Within P.100/2020, Part (b), Deputy Southern requested the Minister for Economic Development, Tourism, Sport and Culture to introduce a Productivity Support Scheme for low-pay sectors by 1st April 2021, in line with the programme for Economic Framework and Productivity Support (CSP 3-2-06) set out in 'Government Plan 2020–2023: further information on additional revenue expenditure and capital and major projects expenditure' (R.91/2019).
Part (b) was unanimously agreed.
The funding allocated within the 2020-2023 Government Plan was also present within the more recent 2021-2024 Government Plan. However, the allocation to GP 20-CSP3-2-06 in the 2021-2024 Plan was divided into two categories;
Minimum Wage Increase (P.11/2021)
Debate Date: 20th April 2021
The most recent Proposition in relation to the Minimum Wage was P.11/2011. P.11/2011 took into account the advice of the SG in 2020 and requested that the Minister for Social Security, when prescribing the minimum wage or referring matters regarding the minimum wage to the Employment Forum, ensured that any such consideration took into account the view of the Assembly (see below).
Minimum Wage Increase (P.11/2021) was amended by Deputy Southern.
P.11/2021 (Amd) recognised the recent publication by the Minister for Social Security of a consultation document in relation to the Employment Law and the necessity for reference of matters to the Employment Forum. Such consultation also set out questions in relation to the method by which the 2021 and 2022 minimum wage would be set.
After amendment P.11/2021 Part (a) read as follows;
(a) to request the Minister for Social Security to bring forward the necessary legislative amendments to allow for the minimum wage to be prescribed for 2021 and 2022 without a referral to the Employment Forum and to request the Minister to ensure that any prescription of the minimum wage takes into account the view of the Assembly that –
(i) the minimum wage should be set with regard to the median wage;
(ii) from October 2021, the minimum wage should be set at the level of the low-threshold, that is 60% of the median wage; and
(iii) by October 2022, the level of the minimum wage should be lifted to the hourly rate of £10.
The amendment was adopted on a standing vote.
The proposition was taken in parts and all parts of (a) were rejected with votes between 24-25 Against and 20-21 For.
Part (b) of the Proposition which requested the Minister, when appointing members to the Employment Forum, to appoint at least 2 members who were representatives of third sector organisations with an interest in the alleviation of poverty, was also rejected.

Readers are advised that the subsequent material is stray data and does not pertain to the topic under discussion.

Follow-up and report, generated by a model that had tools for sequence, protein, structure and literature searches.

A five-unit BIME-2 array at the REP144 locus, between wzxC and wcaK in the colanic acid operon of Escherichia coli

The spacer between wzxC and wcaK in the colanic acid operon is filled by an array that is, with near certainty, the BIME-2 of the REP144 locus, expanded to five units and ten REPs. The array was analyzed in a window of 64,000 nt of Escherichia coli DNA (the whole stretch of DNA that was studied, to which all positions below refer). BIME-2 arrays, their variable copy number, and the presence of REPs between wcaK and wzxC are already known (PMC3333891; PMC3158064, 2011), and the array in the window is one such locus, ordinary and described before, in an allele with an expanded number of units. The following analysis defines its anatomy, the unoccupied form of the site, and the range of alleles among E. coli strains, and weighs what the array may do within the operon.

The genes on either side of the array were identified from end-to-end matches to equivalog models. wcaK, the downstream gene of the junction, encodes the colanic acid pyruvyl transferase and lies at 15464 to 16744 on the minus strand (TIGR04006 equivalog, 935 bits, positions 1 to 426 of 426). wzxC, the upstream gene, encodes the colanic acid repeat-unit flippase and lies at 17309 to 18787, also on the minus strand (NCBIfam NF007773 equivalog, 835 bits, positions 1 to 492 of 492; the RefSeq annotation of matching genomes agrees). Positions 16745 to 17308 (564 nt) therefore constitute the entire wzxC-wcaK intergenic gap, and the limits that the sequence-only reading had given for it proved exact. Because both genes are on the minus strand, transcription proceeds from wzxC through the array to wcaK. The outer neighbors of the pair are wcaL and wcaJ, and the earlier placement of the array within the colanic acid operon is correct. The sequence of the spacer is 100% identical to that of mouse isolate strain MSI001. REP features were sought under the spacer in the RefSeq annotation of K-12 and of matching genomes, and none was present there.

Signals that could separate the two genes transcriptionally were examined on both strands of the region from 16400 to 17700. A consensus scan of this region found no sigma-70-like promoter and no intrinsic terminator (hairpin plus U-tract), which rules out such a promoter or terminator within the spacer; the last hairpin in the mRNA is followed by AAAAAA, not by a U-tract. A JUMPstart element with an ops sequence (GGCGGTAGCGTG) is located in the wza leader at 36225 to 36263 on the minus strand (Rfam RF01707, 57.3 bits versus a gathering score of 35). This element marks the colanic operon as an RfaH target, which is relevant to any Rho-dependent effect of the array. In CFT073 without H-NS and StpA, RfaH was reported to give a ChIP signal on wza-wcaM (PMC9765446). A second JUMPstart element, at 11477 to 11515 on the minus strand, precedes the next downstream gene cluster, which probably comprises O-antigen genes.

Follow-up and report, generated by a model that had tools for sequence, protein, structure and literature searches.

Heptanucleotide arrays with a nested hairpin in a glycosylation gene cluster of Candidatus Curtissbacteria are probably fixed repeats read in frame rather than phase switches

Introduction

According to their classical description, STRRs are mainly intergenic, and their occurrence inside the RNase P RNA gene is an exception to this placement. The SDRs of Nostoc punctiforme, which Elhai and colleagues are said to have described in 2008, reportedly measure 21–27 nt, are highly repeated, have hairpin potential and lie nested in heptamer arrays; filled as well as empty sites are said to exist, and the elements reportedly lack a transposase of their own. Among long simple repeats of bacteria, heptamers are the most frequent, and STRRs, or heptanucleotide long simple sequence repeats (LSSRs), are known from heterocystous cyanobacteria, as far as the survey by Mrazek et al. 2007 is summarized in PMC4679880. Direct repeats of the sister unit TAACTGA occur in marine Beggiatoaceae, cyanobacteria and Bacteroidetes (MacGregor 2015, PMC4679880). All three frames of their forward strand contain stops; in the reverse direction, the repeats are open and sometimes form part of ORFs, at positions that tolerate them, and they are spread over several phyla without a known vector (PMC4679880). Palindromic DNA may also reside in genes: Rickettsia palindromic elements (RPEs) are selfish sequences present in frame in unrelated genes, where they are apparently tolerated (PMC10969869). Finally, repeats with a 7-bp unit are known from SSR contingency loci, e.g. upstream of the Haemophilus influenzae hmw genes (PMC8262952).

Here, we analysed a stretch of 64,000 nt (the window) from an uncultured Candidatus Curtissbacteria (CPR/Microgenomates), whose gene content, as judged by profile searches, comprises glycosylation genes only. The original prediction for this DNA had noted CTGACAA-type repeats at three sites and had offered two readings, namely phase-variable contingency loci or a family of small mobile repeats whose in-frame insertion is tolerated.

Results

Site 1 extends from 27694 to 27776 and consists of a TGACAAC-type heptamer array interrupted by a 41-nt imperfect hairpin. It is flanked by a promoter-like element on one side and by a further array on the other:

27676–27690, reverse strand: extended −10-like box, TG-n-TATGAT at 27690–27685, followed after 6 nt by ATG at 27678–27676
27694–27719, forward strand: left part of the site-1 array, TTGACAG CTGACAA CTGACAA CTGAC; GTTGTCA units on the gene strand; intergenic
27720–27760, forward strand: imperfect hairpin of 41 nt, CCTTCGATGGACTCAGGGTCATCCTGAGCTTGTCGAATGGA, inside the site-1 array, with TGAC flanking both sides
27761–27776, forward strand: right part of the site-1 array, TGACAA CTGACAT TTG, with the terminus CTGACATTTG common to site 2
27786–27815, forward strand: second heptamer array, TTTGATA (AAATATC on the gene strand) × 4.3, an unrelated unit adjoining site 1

The final vote requested the Minister to refer to the Employment Forum the potential for the minimum wage to be set at a level of the Jersey Living Wage. This article was adopted.
Review of the Minimum Wage in Jersey: Process and Rate – Consultation Exercise (R.62/2021)
Minister for Social Security
The Social Security Minister decided to review the way in which the Jersey minimum wage was set. The current process had been in place for 15 years. The Minister decided to review the current system and to look at possible alternatives for Jersey and invited contributions to a consultation exercise. The consultation also considered how the next minimum wage rate should be set.
R.62/2021 noted that the Covid-19 pandemic prevented the usual minimum wage review in 2020. The minimum wage remained at £8.32 per hour and was not to be increased in April 2021. The consultation was therefore also to consider when the minimum wage should next be increased and how that increase should be set.
The consultation ran from 16th April 2021 to 31st May 2021.
Actual vs. proposed Minimum Wage rates
*To bring the Minimum Wage up to this figure over the intervening period
wage (per hour)
Trainee rate year 1 (per hour)
rate year 2 (per hour)
weekly offset against minimum wage for accommodation and food
weekly offset against minimum wage for accommodation and food
weekly offset against trainee rates for accommodation
weekly offset against trainee rate for accommodation and food
Minimum wages in comparable jurisdictions
|Jersey||£8.32||1st April 2020|
1st January 2021
1st January 2020
|Isle of Man||£8.25||1st October 2019|
|UK (Over 23)||£8.91||1st April 2021 (Living Wage)|
|UK (21-22)||£8.36||1st April 2021|
|UK (18-20)||£6.56||1st April 2021|
 The Jersey Living Wage Rate, set by the Jersey Living Wage Advisory Committee which assists Caritas, is £10.96 p/h for 2021
 The reference here to an Act is not to an item of legislation but simply to a decision by the Assembly